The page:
US is NOT expecting Saudi Arabia to immediately boost oil production

US is NOT expecting Saudi Arabia to immediately boost oil production despite soaring cost of gas, officials reveal as Biden prepares for talks with Crown Prince Mohammed bin Salman

  • Biden due to fly in to Saudi Arabia to discuss boosting kingdom’s oil production 
  • But US officials expect no decision will be made until next OPEC+ meet on Aug 3 
  • Brent crude prices are driving inflation as they trade at just under $100 a barrel 
  • Inflation hit 9.1% when figures for June were released, a four decade record

The United States is not expecting Saudi Arabia to immediately boost oil production to ease soaring inflation that is hitting Americans in the pocket.

Instead it is eyeing the outcome of the next OPEC+ meeting on Aug 3, a US official said today. 

The comments come hours before US President Joe Biden is set to land in Jeddah on a trip that is designed to reset the US relationship with the kingdom and during which energy supply, human rights and security cooperation are on the agenda with Saudi Crown Prince Mohammed Bin Salman.

High demand for gas, driven in large part by the global economic recovery from the Covid pandemic and Russia’s invasion of Ukraine squeezing supply, has contributed towards inflation running rampant. 

Saudi Arabia, alongside the United Arab Emirates, holds the bulk of spare capacity within the OPEC+ group, an alliance between the Organization of Petroleum Exporting Countries (OPEC) and other exporters most notably Russia. 

Biden is expected to have direct meetings with Saudi and UAE heads of state during his trip. 

But the kingdom has repeatedly indicated it would not act unilaterally. Brent crude prices are trading at just under $100 a barrel, having hit a 14-year high of $139.13 in March, as investors weigh new COVID-19 lockdowns in top importer China and recession fears. 

Biden is due to fly in to Saudi Arabia where he is expected to have direct meetings with Saudi and UAE heads of state about boosting oil production during his trip

Saudi Arabia, alongside the United Arab Emirates, holds the bulk of spare capacity within the OPEC+ group, but de facto ruler Mohammed Bin Salman (pictured) is not expected to raise output immediately

The OPEC+ group is an alliance between the Organization of Petroleum Exporting Countries (OPEC) and other exporters most notably Russia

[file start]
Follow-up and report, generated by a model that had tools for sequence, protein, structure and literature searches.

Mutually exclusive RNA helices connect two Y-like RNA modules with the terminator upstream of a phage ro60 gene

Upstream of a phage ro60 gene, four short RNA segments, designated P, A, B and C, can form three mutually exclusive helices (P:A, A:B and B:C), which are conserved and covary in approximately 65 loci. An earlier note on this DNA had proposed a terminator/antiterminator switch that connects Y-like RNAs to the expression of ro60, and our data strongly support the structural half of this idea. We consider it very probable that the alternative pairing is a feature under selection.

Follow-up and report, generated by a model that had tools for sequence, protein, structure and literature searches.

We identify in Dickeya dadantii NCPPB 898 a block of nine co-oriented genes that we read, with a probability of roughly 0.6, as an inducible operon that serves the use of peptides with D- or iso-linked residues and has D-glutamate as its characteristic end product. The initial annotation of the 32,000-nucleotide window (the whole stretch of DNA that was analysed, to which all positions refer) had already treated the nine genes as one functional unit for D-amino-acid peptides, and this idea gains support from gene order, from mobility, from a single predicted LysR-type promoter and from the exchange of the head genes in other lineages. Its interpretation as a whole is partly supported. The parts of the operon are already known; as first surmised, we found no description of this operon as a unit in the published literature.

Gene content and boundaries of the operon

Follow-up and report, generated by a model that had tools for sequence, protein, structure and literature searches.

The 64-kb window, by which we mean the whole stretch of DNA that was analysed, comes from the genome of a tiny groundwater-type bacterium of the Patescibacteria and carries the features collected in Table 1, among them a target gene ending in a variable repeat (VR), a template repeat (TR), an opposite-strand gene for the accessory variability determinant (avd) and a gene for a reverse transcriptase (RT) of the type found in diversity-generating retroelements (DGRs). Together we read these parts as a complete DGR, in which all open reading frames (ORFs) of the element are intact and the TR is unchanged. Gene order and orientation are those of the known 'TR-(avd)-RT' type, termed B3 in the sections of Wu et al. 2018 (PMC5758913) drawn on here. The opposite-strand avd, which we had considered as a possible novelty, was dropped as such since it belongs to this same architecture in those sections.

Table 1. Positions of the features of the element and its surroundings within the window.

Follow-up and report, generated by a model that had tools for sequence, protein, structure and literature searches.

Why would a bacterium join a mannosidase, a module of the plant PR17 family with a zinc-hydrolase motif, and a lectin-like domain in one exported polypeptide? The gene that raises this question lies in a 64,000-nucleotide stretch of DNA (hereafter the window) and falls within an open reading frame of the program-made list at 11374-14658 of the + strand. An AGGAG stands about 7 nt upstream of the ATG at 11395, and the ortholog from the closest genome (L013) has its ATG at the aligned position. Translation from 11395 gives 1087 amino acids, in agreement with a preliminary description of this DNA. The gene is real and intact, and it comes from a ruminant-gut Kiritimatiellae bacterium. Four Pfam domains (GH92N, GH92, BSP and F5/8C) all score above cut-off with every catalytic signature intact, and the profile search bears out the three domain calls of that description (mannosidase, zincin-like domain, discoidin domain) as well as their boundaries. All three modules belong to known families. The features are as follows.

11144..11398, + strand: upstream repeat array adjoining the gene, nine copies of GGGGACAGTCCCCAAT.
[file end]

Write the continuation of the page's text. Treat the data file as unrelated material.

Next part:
‘Saudi Arabia prefers to manage the market through the Organization of the Petroleum Exporting Countries and allied producers (OPEC+), not through unilateral moves,’ Ben Cahill, a senior fellow at the Center for Strategic and International Studies, wrote in a recent analyst note. 

‘Saudi energy minister Abdulaziz bin Salman has consistently emphasized the importance of OPEC+ cohesion, including a central role for Russia,’ he said. 

UAE President Sheikh Mohammed bin Zayed wants a more stable oil market, his advisor said

Anwar Gargash, diplomatic advisor to UAE President Sheikh Mohammed bin Zayed, also said on Friday his country wanted a more stable oil market and that it would abide by OPEC+ decisions. 

‘The UAE is very much pro supporting and following U.S. discussions with Saudi Arabia on oil because we are part of the greater OPEC group, OPEC+, so we would very much like to see more stability in the market and ability to produce more and we are going to follow where the group will follow,’ he said. 

The U.S. is eager to see Saudi Arabia and its OPEC partners pump more oil to help bring down the high cost of gasoline and ease the highest U.S. inflation in four decades. 

However, spare capacity within OPEC is running low, with most producers pumping at maximum capacity. 

It is unclear how much extra Saudi Arabia could bring to the market and how quickly. 

Biden said recently that he would not ask Saudi leaders directly to increase oil production. 

Instead, he would continue to make the case that all Gulf states should raise oil output, he said. 

OPEC+ decided last month to increase output targets by 648,000 barrels per day (bpd) in August, ending record production cuts that it brought at the height of the pandemic to counter collapsing demand. 

The United States is experiencing one of the highest inflation rates among developed countries, with the federal government reporting on Tuesday that inflation climbed to a 41-year high of 9.1 percent last month.

The consumer price index, a broad measure of goods and services in the nation, soared above the 8.8 percent Dow Jones estimate, with Moody’s Analytics Senior Economist Ryan Sweet calculating that the average American family coughed up an extra $493 last month, according to the New York Post.

President Joe Biden has tried to reassure Americans that the United States is ‘in a stronger position than any other in the world to overcome this inflation.’

But the US is now on par with the United Kingdom, where government officials reported that inflation soared 9.1 percent in June – the highest level there in four decades – due to rising energy, fuel and grain costs as the war in Ukraine continues.

Gas and electricity prices jumped by 53.5 and 95.5 percent in the country over last year, the BBC reports.

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